Various brands of cards that you see in the market like MasterCard, Visa, American Express, and Discover, etc. are known as card associations that act as clearinghouses for their brands. They also act as governing bodies of payment processing. The card associations are responsible for setting the guidelines of card usage and qualification as well the interchange rates and play the role of an arbitrator between acquiring banks and issuing banks.

  • Issuing banks

    The card associations do not issue cards to consumers directly but involve some financial institutions, credit unions and banks to deal with consumers. For any issues with credit cards or debit cards, consumers interact with issuing banks and not card associations.


Credit card processing

Credit card processing is an elaborate chain of events that consist of three distinct phases – authorization, settlement, and funding.


On buying some goods or service, the cardholder presents the credit card or debit card to the merchant who then swipes the card or dips it in the device, depending on the type of card and sends a request to the payment processor for authorizing the transaction for payment. In case of a physical store, the merchant uses a point of sale system or credit card terminal to raise the request. E-commerce payments use payment gateways, and there are mobile payment acceptance methods too.  The payment processor forwards the request to the issuing bank via card associations.   The issuing bank would first check the card holder’s account status, available balance, and other factors and then accept or decline the request by sending a message to the merchant.

Settlement and funding

At the end of each business day, merchants would send batches of authorized transactions to the payment processor by using an automated system. The payment processor forwards the request to the respective card association which in turn takes it up with the issuing bank by communicating the appropriate debit.  After charging the card holder’s account for the authorized amount of transactions the issuing bank transfers that amount to the merchant bank after deducting the fees for the transaction. The merchant bank then credits the amount in the merchant account.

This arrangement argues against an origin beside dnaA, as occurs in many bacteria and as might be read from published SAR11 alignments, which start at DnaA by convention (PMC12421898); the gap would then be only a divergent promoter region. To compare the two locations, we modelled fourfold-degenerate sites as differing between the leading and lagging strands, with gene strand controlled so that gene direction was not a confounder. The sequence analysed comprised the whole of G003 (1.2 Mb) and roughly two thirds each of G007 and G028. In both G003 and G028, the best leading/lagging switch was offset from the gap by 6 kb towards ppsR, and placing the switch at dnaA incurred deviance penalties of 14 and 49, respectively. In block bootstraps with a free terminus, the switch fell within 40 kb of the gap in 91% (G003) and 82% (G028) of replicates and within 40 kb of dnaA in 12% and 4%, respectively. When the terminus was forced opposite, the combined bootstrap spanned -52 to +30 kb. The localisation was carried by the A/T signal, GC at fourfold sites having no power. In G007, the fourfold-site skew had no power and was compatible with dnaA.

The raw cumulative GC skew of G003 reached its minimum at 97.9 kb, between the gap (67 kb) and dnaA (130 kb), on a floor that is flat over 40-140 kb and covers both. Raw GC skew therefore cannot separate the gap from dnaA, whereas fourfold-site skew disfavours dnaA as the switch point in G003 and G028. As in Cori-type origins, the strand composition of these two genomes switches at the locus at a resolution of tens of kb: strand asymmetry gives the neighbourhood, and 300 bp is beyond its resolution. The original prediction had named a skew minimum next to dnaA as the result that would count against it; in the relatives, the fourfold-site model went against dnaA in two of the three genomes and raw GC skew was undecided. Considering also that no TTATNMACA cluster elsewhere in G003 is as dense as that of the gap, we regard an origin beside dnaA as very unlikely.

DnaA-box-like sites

From the above process, it is now clear that the payment processor acts as a link man in the entire process and provides the essential service of communicating between the stakeholders to ensure smooth and timely release of payment to merchants.  From authorization to settlement and funding, payment processors have a role to play in each phase of payment processing and therefore charge fees for providing the services.

There is no way that you can avoid payment of fees because it remains built into the system. Indeed, the fee structure varies between businesses as credit card processors consider many factors like the volume of transactions, type, and age of business, risks involved, etc., to determine the fees and you can always negotiate to keep it at minimum.

As long as you accept credit card payments, you must pay card processing fees, and no fee waiver is possible, but still, you can counter its effects by taking some steps to create a win-win situation for you and customers so that it does not impact your revenue.

Vergis Eva is an experienced blogger who has written articles for several renowned blogs and websites about various uses of social media to engineer more business traffic on business websites.